It is mainstream knowledge that energy efficient catering equipment can save foodservice operators money and help towards securing a more sustainable future. Manufacturers and equipment dealers alike will commonly market their portfolio on the merits of how little energy they use and by extension how much money they can save. But how committed are catering equipment firms to efficient and ‘green’ manufacturing at their factories? Some, it appears, do indeed strive to extend the efficiency of their products to the processes by which they are made.
Warewashing specialist Winterhalter is one such manufacturer which has adopted environmental policies and a dedicated environmental, health and safety team at its plants. Its marketing and development manager, Paul Crowley, notes how its manufacturing process has been audited by the Carbon Trust as part of the carbon footprint labelling process. Crowley claims Winterhalter is the only catering equipment manufacturer which has taken this step of independent verification. The company also manufacturers to ISO 14001 standards as part of its commitment to energy efficient manufacturing.
Winterhalter is not the only catering equipment business however that operates to strict environmental standards. Both Frima and Falcon Foodservice Equipment operate according to certified ISO 50001 requirements. For Frima, efficient energy management systems have been put in place as an important part of its corporate strategy, rather than for the sake of ‘being green’. In addition to this accreditation, the manufacturer invests heavily in R&D and insists its new state-of-the-art factory built last year uses the latest energy saving materials and design.
Similarly, Falcon instils a ‘lean manufacturing’ philosophy at its facility, which is its main user of energy. Engineering director Alan Turnbull explained: “Energy use is now a major component of the decision making process of any potential capital investment. Recent examples include the replacement of all our lighting systems with LED technology and replacing old cutting machines with the latest fibre optic laser equipment.”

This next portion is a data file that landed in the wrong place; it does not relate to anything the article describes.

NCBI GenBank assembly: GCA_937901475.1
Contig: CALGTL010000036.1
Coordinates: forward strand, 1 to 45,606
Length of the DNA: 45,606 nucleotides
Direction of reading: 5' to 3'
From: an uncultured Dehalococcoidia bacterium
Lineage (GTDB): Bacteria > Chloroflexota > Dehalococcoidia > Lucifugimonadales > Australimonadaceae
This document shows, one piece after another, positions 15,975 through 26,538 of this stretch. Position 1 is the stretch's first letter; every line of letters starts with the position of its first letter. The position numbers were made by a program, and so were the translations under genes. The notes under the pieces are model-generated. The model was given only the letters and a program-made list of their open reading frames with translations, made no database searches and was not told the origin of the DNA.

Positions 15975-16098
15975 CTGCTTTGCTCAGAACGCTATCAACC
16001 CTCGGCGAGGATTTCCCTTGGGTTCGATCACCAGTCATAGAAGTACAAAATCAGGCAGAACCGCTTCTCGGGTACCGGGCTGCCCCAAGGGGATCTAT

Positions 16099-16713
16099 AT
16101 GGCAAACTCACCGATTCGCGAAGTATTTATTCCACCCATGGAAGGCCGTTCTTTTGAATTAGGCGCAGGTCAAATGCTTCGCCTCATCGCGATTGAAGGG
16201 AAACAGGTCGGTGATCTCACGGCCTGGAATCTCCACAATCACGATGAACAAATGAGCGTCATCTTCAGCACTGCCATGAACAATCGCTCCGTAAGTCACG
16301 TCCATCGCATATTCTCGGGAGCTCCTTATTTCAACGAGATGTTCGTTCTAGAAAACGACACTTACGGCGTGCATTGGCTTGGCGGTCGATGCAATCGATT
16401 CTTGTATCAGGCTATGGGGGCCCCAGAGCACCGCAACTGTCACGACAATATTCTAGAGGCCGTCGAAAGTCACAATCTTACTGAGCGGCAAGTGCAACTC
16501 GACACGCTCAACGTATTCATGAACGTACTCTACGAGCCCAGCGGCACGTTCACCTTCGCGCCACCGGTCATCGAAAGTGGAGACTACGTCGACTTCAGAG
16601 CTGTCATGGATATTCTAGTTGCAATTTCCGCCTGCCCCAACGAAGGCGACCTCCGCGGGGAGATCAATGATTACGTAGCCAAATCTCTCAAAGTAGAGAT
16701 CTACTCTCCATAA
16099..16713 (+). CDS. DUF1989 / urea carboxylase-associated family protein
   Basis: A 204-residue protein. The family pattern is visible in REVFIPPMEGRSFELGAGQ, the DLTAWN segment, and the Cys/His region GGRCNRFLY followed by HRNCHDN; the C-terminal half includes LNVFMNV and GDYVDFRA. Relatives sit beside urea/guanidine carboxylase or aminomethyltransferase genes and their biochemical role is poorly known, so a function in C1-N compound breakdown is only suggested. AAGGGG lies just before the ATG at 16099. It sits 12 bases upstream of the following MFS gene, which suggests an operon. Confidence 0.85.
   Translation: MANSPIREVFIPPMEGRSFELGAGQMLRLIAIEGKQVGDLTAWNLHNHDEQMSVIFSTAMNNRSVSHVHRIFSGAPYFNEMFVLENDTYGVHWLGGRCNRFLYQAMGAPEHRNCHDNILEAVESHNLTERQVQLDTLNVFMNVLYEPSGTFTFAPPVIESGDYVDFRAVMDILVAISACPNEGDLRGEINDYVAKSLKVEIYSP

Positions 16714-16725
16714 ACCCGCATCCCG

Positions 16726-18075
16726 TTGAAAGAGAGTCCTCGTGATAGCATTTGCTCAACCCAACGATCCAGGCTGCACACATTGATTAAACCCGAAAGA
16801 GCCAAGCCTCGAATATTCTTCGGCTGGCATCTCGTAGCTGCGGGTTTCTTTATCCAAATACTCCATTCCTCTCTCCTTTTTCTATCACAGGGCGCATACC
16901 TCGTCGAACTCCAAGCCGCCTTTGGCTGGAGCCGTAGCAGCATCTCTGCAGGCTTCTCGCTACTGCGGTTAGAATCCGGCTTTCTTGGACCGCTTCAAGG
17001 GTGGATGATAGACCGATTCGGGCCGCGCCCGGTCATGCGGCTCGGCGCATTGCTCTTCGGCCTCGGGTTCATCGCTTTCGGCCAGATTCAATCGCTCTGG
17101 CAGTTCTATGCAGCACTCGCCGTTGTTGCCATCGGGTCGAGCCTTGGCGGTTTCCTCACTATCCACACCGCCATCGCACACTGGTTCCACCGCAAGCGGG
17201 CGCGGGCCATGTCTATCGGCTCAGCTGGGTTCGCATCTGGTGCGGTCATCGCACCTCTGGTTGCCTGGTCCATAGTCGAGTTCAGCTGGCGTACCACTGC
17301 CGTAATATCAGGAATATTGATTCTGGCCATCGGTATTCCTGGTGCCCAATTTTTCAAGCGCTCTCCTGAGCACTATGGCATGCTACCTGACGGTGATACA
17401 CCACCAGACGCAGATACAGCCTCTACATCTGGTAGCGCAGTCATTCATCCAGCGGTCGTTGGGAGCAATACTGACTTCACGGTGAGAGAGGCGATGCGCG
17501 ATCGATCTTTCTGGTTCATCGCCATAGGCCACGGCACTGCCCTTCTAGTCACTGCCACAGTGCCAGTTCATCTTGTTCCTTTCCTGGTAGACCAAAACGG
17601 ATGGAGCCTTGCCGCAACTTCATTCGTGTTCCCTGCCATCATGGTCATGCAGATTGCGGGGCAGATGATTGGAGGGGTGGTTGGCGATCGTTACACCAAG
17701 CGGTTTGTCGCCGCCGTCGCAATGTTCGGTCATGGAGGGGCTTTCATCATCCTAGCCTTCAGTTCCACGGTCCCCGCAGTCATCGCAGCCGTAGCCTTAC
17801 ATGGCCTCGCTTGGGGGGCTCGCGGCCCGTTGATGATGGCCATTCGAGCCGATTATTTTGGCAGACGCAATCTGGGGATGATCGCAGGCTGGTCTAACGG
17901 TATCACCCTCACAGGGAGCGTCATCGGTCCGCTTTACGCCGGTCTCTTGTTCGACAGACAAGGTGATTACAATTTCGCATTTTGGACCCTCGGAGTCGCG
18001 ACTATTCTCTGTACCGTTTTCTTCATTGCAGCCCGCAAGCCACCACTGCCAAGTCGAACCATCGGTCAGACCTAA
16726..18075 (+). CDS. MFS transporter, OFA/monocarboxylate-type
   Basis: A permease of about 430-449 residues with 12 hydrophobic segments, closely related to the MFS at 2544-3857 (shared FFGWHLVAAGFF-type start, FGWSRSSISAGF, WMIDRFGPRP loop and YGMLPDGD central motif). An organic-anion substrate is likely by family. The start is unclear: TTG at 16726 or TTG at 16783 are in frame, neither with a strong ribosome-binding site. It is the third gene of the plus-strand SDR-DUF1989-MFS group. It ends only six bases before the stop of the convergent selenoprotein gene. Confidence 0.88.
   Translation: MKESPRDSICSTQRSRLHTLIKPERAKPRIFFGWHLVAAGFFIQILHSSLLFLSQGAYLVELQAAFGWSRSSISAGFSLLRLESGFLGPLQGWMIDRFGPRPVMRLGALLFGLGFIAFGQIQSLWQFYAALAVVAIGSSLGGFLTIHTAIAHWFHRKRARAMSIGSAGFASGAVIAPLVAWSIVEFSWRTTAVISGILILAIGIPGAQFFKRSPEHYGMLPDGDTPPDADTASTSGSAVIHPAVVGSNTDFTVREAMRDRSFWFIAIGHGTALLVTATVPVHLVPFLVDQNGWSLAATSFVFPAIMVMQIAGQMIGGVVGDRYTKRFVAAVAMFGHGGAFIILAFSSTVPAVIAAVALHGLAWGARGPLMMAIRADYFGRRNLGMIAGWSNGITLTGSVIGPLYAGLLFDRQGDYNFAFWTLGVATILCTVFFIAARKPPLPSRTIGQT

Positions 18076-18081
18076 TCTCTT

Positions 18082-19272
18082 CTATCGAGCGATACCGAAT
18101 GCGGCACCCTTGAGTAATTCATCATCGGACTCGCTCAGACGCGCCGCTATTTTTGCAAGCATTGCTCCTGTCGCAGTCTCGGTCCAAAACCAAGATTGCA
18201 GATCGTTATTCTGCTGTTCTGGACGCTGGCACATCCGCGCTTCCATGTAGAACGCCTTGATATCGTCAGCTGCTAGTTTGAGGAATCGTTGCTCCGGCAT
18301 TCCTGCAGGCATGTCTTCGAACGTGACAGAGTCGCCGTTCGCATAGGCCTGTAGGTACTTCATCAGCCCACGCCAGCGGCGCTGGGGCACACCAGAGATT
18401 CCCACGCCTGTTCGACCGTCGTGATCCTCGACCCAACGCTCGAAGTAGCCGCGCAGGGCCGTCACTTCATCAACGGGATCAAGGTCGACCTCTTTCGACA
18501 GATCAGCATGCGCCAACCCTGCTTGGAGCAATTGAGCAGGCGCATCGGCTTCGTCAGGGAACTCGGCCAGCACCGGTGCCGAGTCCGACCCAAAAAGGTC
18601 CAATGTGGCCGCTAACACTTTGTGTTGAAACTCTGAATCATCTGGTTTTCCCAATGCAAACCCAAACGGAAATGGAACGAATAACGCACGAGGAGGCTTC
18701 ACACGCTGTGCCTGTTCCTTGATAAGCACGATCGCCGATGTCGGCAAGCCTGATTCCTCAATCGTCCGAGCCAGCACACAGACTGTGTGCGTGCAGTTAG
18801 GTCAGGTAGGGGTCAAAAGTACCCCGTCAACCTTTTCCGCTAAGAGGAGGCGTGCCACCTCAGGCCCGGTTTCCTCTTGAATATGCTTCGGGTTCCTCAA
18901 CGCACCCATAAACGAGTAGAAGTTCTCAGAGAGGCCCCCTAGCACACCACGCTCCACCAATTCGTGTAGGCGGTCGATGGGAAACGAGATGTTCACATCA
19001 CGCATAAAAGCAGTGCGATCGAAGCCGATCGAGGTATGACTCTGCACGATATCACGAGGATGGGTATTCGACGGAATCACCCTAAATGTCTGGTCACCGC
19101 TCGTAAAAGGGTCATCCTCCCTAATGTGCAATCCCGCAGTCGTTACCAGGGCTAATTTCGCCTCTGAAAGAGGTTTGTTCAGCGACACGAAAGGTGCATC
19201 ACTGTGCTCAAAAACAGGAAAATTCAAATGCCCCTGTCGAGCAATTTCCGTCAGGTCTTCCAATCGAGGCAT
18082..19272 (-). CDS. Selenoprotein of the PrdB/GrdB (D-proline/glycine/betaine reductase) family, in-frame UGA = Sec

Lean manufacturing methods are also employed by Unox to minimise waste at the product development stage. Kate Brooman, marketing and media manager for Unox UK detailed how the company manufactures 96% of its oven components in-house at its Italian headquarters, helping to reduce its transportation footprint and costs. Its factories not only produce all the electronics and stainless steel and plastic components, but go as far as making the detergent, further reducing its need to move materials. Unox holds energy efficiency as a priority and makes extensive use of solar energy to power its assembly lines and offices.
Energy efficient manufacturing can of course save manufacturers money but how, if at all, does that filter through into the costs dealers have to absorb? Crowley details how it can keep costs down or at least proportionately even for dealers: “If manufacturers don’t invest in geothermal heating or rain water harvesting, for example, production costs would rise at a more rapid rate,” he said, continuing: “It’s well known how much energy costs are set to rise. Being an energy efficient manufacturer is a way to manage costs. Ultimately, the lower our costs are, the lower our prices are – which will benefit dealers and their customers.”
It seems logical that if the manufacturer’s energy costs are kept at bay, then so too are the knock-on costs for dealers. However, it is not always this simple. Turnbull explained how with energy costs rising above the rate of inflation for a number of years, reducing energy usage does not always deliver adequate net savings that then filter down to dealers. “Sometimes we have to run very hard just to stand still. Since 2012, for example, we have reduced our energy use by 32%, but costs are only down by 12%. Like any business our efficiency savings need to be balanced with increasing costs. In recent times this has been made very difficult with currency fluctuations and raw material price increases,” Turnbull commented.
On the other hand, Frima maintains that keeping production costs down by delivering efficiencies at the factory means it can improve products whilst avoiding increasing its prices. Further to this, Graham Kille, technical sales director of Rational, Frima’s parent company, said that Frima saves users money further down the line. “The multifunctional VarioCooking Center replaces many individual kitchen appliances, reducing the overall carbon footprint of a kitchen – especially when you include packaging and transportation.” He added: “This also reduces the disposal costs. It’s cheaper to dispose of one unit than several. Plus, up to 98% of each Frima unit can be recycled.” It could be argued that the consequences of having to transport and package less equipment could save dealers money to a degree, even if it means shifting fewer units.